To retailers who say ‘no cash,’ Philadelphia’s city council is saying no dice.
Philadelphia’s city council voted Thursday to require most local businesses to accept cash as payment, pushing back on a growing trend in which restaurants and retailers accept credit and debit cards only.
“There’s a reasonable segment of people who wouldn’t be able to patronize those stores because they don’t have any kind of credit or debit card,” said Councilman Bill Greenlee, who introduced the bill. “It’s setting up an us and them kind of situation . . .And those people tend to be a little lower income, and also minority and immigrant. I don’t think that’s the kind of message we want to be sending.”
Mayor Jim Kenney is reviewing the bill, says Lauren Cox, a spokeswoman for the administration.
“We share the concerns of council members about the significant number of Philadelphia residents who are unbanked and underbanked,” she said in an email. “That said, we remain concerned about how this measure impacts innovation in our retail sector. We constantly seek to strike the balance of growing our economy while ensuring our growth is inclusive … We’ve spoken to council members about a number of various options, and we anticipate further discussions before the mayor needs to act on the legislation.”
A rising number of retailers are cutting out cash to speed up transactions, reduce the chance of theft, and accommodate the increased use of credit and debit cards, as well as digital wallets like Apple Pay and Google Pay, to buy services and products.
Cash purchases were down to thirty percent of all retail transactions as of last year compared to 40 percent in 2012, according to IHL and the Federal Reserve.
Roughly 25 percent of Americans made all or a significant number of retail purchases with cash in 2016, 11 percent fewer than those who favored cash five years earlier, according to a Gallup poll. And millennials in particular are making the shift, with 21 percent of those 23 to 34 years old saying that most of their transactions were in cash, down from 39 percent five years before.
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But while the number of Americans who prefer using cash is declining, critics counter that there are many lower income consumers who are further disadvantaged by cashless retailers because they don’t have bank accounts or lack credit cards or photo identification.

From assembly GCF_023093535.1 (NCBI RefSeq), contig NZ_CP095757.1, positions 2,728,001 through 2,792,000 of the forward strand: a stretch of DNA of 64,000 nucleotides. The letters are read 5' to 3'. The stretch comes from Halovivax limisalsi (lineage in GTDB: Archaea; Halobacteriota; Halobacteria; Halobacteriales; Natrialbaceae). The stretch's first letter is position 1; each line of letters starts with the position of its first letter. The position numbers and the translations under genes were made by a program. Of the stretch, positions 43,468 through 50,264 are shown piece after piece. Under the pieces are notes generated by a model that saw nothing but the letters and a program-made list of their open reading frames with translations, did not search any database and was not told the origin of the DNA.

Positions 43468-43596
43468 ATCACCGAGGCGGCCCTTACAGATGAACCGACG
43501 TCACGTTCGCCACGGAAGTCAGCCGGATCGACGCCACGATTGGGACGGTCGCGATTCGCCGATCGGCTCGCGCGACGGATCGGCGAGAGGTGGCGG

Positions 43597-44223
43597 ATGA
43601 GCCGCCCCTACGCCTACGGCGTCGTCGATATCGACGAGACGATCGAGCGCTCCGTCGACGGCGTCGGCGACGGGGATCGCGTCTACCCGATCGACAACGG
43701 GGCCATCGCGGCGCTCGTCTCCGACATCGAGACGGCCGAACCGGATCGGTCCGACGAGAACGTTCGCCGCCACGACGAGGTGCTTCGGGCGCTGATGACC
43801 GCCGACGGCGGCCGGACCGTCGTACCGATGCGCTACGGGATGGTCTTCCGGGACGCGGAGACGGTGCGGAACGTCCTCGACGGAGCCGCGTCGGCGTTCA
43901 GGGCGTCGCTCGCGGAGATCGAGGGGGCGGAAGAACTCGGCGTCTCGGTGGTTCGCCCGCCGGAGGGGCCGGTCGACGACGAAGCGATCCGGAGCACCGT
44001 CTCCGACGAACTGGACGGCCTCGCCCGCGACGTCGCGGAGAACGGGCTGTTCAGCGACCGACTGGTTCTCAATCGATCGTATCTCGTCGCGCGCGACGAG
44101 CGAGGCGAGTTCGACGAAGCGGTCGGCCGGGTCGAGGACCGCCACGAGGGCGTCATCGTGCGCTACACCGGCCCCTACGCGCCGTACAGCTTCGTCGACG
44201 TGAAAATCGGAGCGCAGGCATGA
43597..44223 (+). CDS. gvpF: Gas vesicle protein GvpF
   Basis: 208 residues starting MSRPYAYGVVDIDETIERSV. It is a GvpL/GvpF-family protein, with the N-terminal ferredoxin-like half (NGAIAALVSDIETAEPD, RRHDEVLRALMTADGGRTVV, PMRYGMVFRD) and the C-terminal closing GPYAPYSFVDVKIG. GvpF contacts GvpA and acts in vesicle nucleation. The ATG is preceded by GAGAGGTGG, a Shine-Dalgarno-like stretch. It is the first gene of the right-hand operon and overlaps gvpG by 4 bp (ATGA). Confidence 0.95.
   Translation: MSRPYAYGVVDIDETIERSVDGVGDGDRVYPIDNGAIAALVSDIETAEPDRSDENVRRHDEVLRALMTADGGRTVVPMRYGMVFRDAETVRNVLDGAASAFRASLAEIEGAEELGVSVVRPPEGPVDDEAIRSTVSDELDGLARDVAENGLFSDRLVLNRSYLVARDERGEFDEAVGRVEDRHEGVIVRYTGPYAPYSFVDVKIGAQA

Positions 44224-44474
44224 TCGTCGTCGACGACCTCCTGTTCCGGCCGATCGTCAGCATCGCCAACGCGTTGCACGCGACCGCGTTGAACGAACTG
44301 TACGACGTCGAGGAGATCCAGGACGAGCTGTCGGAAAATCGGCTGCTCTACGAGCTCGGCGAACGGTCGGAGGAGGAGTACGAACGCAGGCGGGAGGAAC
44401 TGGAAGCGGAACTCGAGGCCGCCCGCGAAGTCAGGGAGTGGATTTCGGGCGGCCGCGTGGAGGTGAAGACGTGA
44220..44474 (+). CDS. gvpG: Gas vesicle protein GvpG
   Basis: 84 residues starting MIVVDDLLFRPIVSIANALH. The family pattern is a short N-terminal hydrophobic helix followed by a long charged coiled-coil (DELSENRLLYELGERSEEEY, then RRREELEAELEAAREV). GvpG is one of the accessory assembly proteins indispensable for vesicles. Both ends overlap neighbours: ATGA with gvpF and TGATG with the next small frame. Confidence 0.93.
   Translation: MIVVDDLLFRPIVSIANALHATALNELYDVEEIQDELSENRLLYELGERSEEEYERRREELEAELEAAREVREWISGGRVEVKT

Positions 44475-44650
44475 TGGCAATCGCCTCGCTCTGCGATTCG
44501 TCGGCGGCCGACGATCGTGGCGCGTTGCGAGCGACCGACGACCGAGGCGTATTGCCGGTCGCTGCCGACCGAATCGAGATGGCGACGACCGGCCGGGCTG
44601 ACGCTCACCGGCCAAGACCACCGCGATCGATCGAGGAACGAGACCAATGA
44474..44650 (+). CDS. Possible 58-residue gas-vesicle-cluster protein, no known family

In 2017, 6.5 percent of U.S. households had no members with a checking or savings account, and twenty percent had not used a credit card or mainstream credit platform such as a mortgage during the previous 12 months.
Because of that credit gap, a flurry of states and cities are trying to put safeguards in place.
New Jersey’s legislature passed a law on Jan. 31 that bars retailers from prohibiting cash. It’s waiting on the governor’s signature. Meanwhile, Washington D.C. and New York have introduced similar bills. And Massachusetts has banned cashless merchants since 1978.
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But the trade group, the National Retail Federation, believes that businesses should decide what payment methods are accepted.
“We believe retailers should decide for themselves, based on their customers and on the attendant transaction costs, whether they should stop taking cash,” Stephanie Martz, the NRF’s senior vice president and general counsel said in an emailed statement.
Adding that “few merchants” have stopped taking cash, Martz said “those that have have made the calculation that the costs of taking credit or debit only are outweighed by the increase in volume that will be driven by convenience. Cash continues to be a cheap and ubiquitous method of payment … We believe that merchants and customers together will determine the appropriate market for payment methods.”
Follow Charisse Jones on Twitter @charissejones